Those results aren’t as strong as what’s been found for the Perry Preschool program, a model high-quality preschool for poor children run in the 1960s, but they’re larger than what earlier Head Start studies have shown:
The effect of Head Start appeared even larger in boosting a child’s chances of completing some higher education, including associates’ degrees and license programs. Hispanic children who benefited from the program were about 15 percentage points more likely to do so than their siblings who didn’t attend Head Start:
These same Head Start children, when they became parents, were also more likely in the longitudinal survey to say they read aloud to their own children and taught them the alphabet, or had in the previous week praised them and spent time with them doing the child’s favorite activities.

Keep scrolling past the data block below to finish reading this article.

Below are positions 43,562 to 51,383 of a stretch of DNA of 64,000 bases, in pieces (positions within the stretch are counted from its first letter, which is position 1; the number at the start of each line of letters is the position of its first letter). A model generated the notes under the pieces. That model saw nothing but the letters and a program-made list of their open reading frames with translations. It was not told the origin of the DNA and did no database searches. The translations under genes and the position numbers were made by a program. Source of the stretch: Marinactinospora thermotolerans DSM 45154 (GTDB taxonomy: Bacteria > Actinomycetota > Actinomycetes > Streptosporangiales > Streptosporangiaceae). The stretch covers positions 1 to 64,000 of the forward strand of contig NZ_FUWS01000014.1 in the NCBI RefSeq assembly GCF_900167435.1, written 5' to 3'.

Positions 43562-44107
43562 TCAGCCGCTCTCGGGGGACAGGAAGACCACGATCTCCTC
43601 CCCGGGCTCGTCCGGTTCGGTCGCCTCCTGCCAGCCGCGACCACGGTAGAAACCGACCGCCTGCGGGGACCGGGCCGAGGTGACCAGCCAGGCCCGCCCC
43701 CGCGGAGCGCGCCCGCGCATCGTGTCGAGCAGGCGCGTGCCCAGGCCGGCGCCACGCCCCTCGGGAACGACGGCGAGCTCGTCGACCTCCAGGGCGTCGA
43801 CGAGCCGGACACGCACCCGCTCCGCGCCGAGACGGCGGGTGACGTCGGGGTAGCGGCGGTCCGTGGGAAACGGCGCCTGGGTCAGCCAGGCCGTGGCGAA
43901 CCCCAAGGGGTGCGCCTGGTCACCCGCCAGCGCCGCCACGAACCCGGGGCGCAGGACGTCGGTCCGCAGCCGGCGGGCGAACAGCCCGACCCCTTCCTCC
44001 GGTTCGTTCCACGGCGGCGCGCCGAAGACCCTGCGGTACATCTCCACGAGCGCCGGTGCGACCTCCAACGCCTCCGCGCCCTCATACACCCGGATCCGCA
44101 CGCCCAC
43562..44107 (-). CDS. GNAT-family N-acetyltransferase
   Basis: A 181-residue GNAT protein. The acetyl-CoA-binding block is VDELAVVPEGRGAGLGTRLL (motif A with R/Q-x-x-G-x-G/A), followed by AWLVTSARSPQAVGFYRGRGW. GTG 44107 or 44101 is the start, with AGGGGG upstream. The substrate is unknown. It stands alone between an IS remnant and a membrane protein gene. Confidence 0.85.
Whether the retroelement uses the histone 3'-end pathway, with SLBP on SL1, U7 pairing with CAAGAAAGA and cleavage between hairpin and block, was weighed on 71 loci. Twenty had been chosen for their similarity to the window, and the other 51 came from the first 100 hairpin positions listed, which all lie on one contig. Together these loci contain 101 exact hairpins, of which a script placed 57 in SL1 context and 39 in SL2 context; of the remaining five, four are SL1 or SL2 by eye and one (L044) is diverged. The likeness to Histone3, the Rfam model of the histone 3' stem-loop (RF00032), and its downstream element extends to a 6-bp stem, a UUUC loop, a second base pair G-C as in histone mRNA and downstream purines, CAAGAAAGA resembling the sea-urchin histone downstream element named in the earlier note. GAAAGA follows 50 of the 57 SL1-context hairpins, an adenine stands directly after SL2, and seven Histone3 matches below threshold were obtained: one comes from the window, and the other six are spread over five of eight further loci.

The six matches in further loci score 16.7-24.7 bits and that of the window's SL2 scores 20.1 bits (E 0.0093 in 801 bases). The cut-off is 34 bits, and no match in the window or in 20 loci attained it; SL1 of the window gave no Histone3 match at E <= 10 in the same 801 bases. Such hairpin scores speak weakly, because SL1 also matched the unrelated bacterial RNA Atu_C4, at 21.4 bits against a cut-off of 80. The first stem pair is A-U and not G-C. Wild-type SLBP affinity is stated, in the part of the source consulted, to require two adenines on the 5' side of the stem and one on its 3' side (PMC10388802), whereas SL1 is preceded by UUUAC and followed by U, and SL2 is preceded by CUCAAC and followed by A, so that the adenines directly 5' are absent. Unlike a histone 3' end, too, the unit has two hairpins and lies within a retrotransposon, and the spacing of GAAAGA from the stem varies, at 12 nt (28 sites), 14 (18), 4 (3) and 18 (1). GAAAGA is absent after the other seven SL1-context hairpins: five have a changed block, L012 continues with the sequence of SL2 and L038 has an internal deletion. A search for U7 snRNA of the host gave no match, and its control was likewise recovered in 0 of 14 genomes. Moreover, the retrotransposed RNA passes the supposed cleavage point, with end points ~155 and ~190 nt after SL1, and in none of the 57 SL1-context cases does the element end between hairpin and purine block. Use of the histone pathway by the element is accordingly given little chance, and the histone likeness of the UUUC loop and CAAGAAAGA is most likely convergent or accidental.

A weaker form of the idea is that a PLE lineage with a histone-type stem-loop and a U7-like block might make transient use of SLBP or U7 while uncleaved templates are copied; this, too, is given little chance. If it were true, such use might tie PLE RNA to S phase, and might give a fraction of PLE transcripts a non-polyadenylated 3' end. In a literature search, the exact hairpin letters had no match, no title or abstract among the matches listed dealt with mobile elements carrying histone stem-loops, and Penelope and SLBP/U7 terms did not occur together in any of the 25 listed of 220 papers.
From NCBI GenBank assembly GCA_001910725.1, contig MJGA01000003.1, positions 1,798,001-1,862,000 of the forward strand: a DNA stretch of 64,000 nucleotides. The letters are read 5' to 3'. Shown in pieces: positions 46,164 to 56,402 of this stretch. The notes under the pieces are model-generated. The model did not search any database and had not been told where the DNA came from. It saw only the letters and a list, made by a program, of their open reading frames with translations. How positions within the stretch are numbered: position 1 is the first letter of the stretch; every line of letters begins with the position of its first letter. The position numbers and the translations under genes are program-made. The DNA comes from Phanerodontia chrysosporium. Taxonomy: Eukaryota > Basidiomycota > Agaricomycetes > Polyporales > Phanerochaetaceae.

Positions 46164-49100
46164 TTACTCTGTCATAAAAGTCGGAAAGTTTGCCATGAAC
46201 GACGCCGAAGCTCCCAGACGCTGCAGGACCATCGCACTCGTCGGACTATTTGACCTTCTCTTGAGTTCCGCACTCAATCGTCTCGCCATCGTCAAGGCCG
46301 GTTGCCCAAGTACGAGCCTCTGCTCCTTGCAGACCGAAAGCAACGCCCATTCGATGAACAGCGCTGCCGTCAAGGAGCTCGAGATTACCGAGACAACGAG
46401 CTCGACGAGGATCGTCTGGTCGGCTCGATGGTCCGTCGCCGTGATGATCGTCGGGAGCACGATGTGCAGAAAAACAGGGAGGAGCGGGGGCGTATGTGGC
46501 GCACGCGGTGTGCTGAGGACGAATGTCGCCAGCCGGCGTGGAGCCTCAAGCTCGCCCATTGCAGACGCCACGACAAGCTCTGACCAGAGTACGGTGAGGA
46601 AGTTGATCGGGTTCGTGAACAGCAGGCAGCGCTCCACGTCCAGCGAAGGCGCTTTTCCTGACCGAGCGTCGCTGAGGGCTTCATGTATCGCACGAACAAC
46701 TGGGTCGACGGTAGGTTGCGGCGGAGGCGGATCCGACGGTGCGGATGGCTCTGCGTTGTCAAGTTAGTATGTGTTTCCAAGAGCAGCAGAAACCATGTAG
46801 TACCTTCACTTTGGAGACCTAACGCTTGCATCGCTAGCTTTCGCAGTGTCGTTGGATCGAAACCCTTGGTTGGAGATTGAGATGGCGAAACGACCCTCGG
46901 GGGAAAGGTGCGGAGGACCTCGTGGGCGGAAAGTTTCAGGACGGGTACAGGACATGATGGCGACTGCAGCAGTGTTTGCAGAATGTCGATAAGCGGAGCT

That’s a very different set of outcomes than measuring kindergarten readiness or third-grade skills. But results like that reveal more about the potential of investments in young children to later break the intergenerational cycle of poverty.
In some ways, these findings mirror recent research about another major government intervention into the lives of poor children that initially appeared to show disappointing results. In the 1990s, the government gave some families housing vouchers to move to lower-poverty neighborhoods with better schools and less crime. But that opportunity didn’t significantly alter how children performed in school or how much their parents earned.